Sew Your Own Cloth Nappies: Soft & Sustainable DIY Adventure

Sew Your Own Cloth Nappies: Soft & Sustainable DIY Adventure

My venture into modern cloth diapers began when my third child reached 9 months old. My first attempt with cloth diapers was with my eldest daughter, using traditional cotton terry towels and PVC covers, which was messy and inconvenient.

Five years later, at a baby and toddler expo while introducing my first workbook, I discovered modern cloth diapers imported from Australia.  Intrigued by their simplicity, I bought three to start out with.  I also reused my old terry towels alongside them (without the sterri-nappy of course).

Driven by my creative and thrifty spirit, I began crafting my cloth diapers using old towels and fleece fabric. When I became pregnant with my fourth child, I created a stash of newborn cloth diapers, inspiring me to start my business, Boegoe Bugz. I designed my pattern, the Boegoe Bugz cloth nappy pattern.

Today, I’m excited to share step-by-step instructions for making your own cloth diaper, whether it’s an SIO, AI2, or cover. You can choose any pattern you like or purchase mine here. The process is similar for sewing an SIO or cover, with the difference being the omission of inserts.

Let’s get started!

Sewing supplies needed:

● Sewing machine
● Walking Foot
(optional, but great for sewing
with PUL & stretchy fabric)
● Overlocker/Serger (Optional)
● Paper scissors
● Pattern (Boegoe Bugz pattern here)
● Tape (selotape)
● Fabric Scissors
● Rotary cutter & mat (Optional)
● Erasable/Washable fabric pen
● (Optional) Washable glue
stick/basting spray
● Safety pin or bodkin (threading
● Sewing pins or clips
● Ballpoint or stretch sewing machine
needle 75/11 or 80/12
● Polyester thread
● 3/8 inch (8mm or 10mm) poly braid
● Snaps
● Snap pliers or press
● Outer Fabric (PUL or poly fabric)
● Hidden Waterproof fabric (if using a
PUL for outer no hidden fabric is
● Inner Fabric (Stay-dry/Wicking)
● Absorbent fabric for the insert
● Insert topper fabric (Stay-dry/Wicking)

Snap amounts needed:
Snap set = 2x Caps, 1x stud (male) + 1x socket (female)
44x Caps
25x Sockets (female)
19x studs (male)

Recommended Fabrics

Outer Layer: (AIO, SIO, AI2, Pocket)
Poly Lycra, PUL, Softshell

Outer Layer: Fitted
Cotton Fleece, Hemp, Bamboo Fleece,
Cotton/Bamboo velour, Cotton knit/woven/lycra,

Inner Layer:
Minky, Bamboo/Cotton velour, AWJ
(athletic wicking jersey), microfleece,
cotton fleece, hemp, bamboo fleece

Hidden/middle layer:
For an AIO, AI2, SIO & pocket you need a
waterproof layer. If your waterproof layer is the
outer layer, no middle layer is needed, but if you
intend to use a poly lycra or something as the
outer layer you will need a hidden waterproof
layer like:
PUL or Waterproof Softshell.

For a hybrid (water resistant nappy/diaper) you
can use polyester/anti-pill fleece, blizzard fleece
or water resistant softshell.

Absorbent Fabrics: Inserts
Cotton Fleece, Hemp, Bamboo Fleece, Flannel,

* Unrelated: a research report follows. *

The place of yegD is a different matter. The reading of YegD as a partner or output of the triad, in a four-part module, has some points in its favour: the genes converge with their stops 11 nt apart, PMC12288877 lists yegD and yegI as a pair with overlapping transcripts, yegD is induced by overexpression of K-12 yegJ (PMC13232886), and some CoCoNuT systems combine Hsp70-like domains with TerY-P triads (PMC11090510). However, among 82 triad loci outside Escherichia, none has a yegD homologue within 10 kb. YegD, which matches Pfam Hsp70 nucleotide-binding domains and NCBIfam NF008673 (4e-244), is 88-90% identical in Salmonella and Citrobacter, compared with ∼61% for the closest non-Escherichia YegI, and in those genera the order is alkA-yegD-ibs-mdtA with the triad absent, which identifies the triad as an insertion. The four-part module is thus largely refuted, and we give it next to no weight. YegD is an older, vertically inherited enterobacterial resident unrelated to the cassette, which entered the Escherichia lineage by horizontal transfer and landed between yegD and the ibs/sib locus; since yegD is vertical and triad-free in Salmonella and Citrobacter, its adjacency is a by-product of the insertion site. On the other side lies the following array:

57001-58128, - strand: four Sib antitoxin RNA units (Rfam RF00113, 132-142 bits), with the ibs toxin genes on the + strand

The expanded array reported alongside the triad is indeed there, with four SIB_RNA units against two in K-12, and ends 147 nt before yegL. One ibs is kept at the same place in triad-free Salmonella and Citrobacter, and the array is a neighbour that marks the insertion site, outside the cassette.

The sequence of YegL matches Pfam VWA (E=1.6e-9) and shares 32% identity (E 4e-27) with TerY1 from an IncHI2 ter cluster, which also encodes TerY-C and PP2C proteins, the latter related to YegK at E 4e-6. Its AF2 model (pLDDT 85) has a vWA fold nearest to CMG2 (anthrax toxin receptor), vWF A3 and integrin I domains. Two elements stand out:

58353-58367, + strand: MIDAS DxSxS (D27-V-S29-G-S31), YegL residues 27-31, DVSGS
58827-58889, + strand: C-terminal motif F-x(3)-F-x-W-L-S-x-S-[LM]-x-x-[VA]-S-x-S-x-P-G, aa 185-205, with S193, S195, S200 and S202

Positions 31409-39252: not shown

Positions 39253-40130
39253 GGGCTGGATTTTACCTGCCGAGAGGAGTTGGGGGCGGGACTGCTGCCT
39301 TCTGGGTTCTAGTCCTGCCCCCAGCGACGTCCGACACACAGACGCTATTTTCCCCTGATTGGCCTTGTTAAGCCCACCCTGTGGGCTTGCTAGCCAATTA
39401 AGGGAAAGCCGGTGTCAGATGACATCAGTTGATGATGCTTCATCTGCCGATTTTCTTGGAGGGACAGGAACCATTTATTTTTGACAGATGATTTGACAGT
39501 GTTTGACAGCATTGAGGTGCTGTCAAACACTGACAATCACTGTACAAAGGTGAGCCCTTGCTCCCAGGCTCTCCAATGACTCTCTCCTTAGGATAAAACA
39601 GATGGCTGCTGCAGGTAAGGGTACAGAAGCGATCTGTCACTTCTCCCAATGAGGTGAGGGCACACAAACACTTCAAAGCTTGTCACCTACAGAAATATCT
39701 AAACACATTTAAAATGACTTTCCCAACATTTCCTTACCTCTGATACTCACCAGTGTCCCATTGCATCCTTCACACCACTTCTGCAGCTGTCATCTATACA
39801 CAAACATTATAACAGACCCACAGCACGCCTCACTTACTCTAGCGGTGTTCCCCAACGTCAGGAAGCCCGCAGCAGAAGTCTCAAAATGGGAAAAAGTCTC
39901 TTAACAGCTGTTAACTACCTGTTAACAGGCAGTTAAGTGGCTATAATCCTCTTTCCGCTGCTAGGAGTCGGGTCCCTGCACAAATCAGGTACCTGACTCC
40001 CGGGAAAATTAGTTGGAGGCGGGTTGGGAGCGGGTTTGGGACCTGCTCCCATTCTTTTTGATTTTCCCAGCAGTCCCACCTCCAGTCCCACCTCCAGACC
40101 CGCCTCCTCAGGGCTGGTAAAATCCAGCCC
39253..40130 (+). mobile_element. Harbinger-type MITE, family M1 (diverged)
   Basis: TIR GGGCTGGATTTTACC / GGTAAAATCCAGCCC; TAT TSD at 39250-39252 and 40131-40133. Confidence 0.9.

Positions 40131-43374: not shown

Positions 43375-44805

Cotton French Terry, Micro Fibre (not against
skin), Zorb

To start you will need:

* 1x outer layer (poly lycra works great because it won’t wick, you can however use other fabrics, but natural fibres like cotton might wick wetness).
* 1x Waterproof layer (I am using waterproof softshell)
* 1x Inner layer (I am using AWJ (athletic wicking jersey)

* For a fitted use 3x absorbent layers, natural fibres.
* For a AI2, use PUL as your inner to make it wipeable.

Sewing instructions for a SIO, Ai2 and Fitted

For this instructions we will be making a SIO (Snap-In-One), but the same method applies for making a fitted and a AI2.  If you are using your waterproof layer as your outside layer just omit the hidden layer. You will however need to back your snaps with small squares of fabric or scrap piece of fabric.

1. Lay diaper/nappy pattern on top of your outer fabric.  Trace pattern and mark your snaps and elastic markings.

If using a directional print fabric, use the half/half piecing to get a front & back right side up placement. Can also be used for decorative diapers

Sewing instructions for a SIO, Ai2 and Fitted

2. Cut the fabric out. (stitch the front & back together if you did the half/half piecing with a 1cm (3/8 inch) seam allowance).

3. Trace the pattern onto your hidden/middle layer (no need to mark snaps) and onto your inner layer. Cut the fabric out.

(Omit the hidden layer if your outer layer is Waterproof fabric.)

4. Using your “Top insert” pattern, trace onto your topper fabric. (I’m using AWJ again.) Cut out leaving a 1cm (3/8 inch) seam allowance for serging.

5. Trace both your “top, bottom insert” and “booster” pattern onto your absorbent fabric. (I am using 4 layers, 280gsm cotton fleece in each
insert and booster. Adjust according to fabric gsm.)

Tip: If serging on the line, cut of green line/seam allowance line on the insert/booster pattern and cut about 1cm around your tracing line. If serging with seam allowance or if sewing inserts,
leave green line on the pattern and trace onto fabric.

6. Cut out your inserts leaving a 1cm (3/8 inch) seam allowance for serging.  Pin the layers together and transfer the snap markings to the top layer of the inserts.

(for a hidden snap on the “Top insert” fold the top layer down and mark the second layer.)

7. You should now have the following cut, 1x outer layer, 1x hidden layer, 1x inner layer, a top insert, a bottom insert and a booster.

8. Now baste or pin your outer and hidden layer
together, they will now be seen as 1 layer. 

(skip this step if you are not using a hidden layer and add backing for your snaps.)